Thursday, March 11, 2010

Site Inscription  
June 7 – July 21,2007 

Curated by: Terri C. Smith with Lauren Benanti and Daniel Byers, graduate students at Bard College’s Center for Curatorial Studies, in partnership with the Bard College Photography Department, Director Stephen Shore. 

"Projection and Play in Site Inscription" 
Terri C. Smith 

An after dinner stroll in virtually any U.S. neighborhood includes streets lined with lit windows.  The incandescent interiors they reveal seem to be trapped in eternal stillness as if surrounded by amber.  Often, the only sign of life is implied via a spastically flickering blue strobe that barks from the television set.  When the TV’s luminescent clatter reaches the peripheral vision of passer byes, it is no longer images and sound conveying a sitcom, drama or commercial.  Instead, it is a pulsing light that expresses little more than the medium through which it enters the world.  As the television’s image is cast outside, its specific messages are obliterated.  Disguised as light, the signal escapes into the night, writing itself onto the larger environment and those who inhabit it.   

In a similar vein, literary theorist M. H. Abrams described one of two models of the mind using the metaphor of the projector.  While the first model is the mind as “reflector of external objects,” the second is a “radiant projector which makes a contribution to the object it perceives.” Lining the walls of Site Inscription, photographs by David Bush, Tim Davis, Ahndraya Parlato, Paul Salveson, and drawings by Stephen Sollins resonate with these concerns. Their approaches and themes vary, but each artist puts less emphasis on recording (or reflecting) and more on the play that occurs between artist and subject – a relationship to the environment reminiscent of the television’s escaping light or Abrams’s mind-as-projector model.    

Through evident interaction and interference, the artists in this exhibition consciously engage in what photography scholar Peter D. Osborne describes as “an inscribing of self on the world.”  In Site Inscription, this includes gestures ranging from subtle aesthetic and social critique to more apparent physical interventions and staging. Interested in such phenomena as the “reinvention of … meaning,” “creating a photographic world that, like the uncanny, is unnerving because of its familiarity,” and “resisting authority” by “renaming everything,” these artists are aware of and exploit the simultaneous exchange that occurs when applying ideas of mark making and erasure to objects and the environment.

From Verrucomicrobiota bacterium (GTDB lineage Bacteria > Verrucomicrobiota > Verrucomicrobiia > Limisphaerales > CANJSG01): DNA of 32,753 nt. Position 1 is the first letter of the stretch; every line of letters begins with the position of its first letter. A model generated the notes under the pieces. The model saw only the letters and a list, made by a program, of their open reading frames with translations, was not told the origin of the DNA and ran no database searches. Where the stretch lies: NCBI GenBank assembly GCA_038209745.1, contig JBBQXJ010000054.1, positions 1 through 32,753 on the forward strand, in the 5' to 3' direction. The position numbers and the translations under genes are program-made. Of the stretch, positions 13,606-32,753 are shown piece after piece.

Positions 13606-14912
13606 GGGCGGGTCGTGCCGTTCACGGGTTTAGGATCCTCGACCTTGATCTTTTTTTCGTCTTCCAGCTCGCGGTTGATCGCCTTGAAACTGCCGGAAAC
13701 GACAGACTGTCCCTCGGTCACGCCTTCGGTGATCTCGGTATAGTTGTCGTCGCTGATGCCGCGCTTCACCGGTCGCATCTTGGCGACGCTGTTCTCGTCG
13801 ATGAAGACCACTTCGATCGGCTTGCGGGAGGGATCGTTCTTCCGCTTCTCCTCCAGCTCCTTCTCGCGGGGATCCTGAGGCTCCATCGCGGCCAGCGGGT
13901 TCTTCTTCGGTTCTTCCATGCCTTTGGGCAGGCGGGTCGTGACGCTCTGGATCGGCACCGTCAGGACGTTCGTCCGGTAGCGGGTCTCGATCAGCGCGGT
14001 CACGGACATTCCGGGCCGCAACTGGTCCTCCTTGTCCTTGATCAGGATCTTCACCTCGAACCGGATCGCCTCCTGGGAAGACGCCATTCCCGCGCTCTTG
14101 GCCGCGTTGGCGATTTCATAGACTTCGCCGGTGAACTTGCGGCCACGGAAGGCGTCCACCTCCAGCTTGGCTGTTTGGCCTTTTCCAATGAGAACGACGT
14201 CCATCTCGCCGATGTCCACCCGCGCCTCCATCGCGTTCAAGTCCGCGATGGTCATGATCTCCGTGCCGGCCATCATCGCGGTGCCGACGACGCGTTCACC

While this approach is the most transparent in Stephen Sollins’s drawings where he uses correction fluid to obscure printed television schedules in newspapers, it also exists in the exhibition’s photographs.  These artists to some degree concur with Osborne’s opinion that “Photography, too, marks our presence in a place, or rather, has the place mark its presence in our images.”  Tim Davis provides a more personalized and expanded account of this philosophy: 

Architecture, for example, is a form for controlling human behavior. It’s ideological.  Try noticing in every room you enter how some cognitive force has anticipated every move you make.  Then notice how your presence in that room alters the grand design in infinite ways no architect could anticipate.  You scratch surfaces.  You add images. You misuse.  That is how I feel about photography.  It is the mapping of the way humans rename every syntax the designers can toss at us. 

Every Christmas, televisions emit a similar sentiment into our homes with Frank Capra’s movie It’s a Wonderful Life.  That film serves, in part, as an annual reminder that our presence alters the world and that these exchanges can be ephemeral, unconscious, and difficult to locate.   

For the artists in Site Inscription, this unavoidable cause-and-effect is intentionally foregrounded and recorded, producing traces that question, reframe and even humorously rearrange familiar objects and everyday environments. 

M.H. Abrams, The Mirror and the Lamp, (London: Oxford University Press, 1953), preface  
Tim Davis, “On Photography,” 
Peter D. Osborne, Travelling Light: Photography, Travel and Visual Culture, (New York: Manchester University Press, 2000), p.187  
Ahndraya Parlato artist statement,   
Paul Salveson artist statement, 2007. 

The Photography Department at Bard College is directed by Stephen Shore who is joined by a faculty of accomplished, practicing artists such as Barbara Ess, John Pilson, Larry Fink, An-My Le and Tim Davis.  For more information on the program and faculty, go to 

The Center for Curatorial Studies at Bard College (CCS Bard) is an exhibition and research center dedicated to the study of art and exhibition practices from the 1960s to the present day. The Center’s graduate curriculum is specifically designed to deepen students’ understanding of the intellectual and practical tasks of curating exhibitions of contemporary art, particularly in the complex social and cultural situations of present-day urban arts institutions. In November, 2006, CCS Bard inaugurated the Hessel Museum of Art, a new 17,000 square-foot building for exhibitions curated from the Marieluise Hessel Collection of more than 1,700 contemporary works. For further information, call the Center for Curatorial Studies ph:  845.758.7598, email:, 

Paul Rodgers/9W Gallery 
529 West 20th Street, 9th Floor 
New York, NY 10011 
ph: 212.414.9810 
fax: 347.438.3309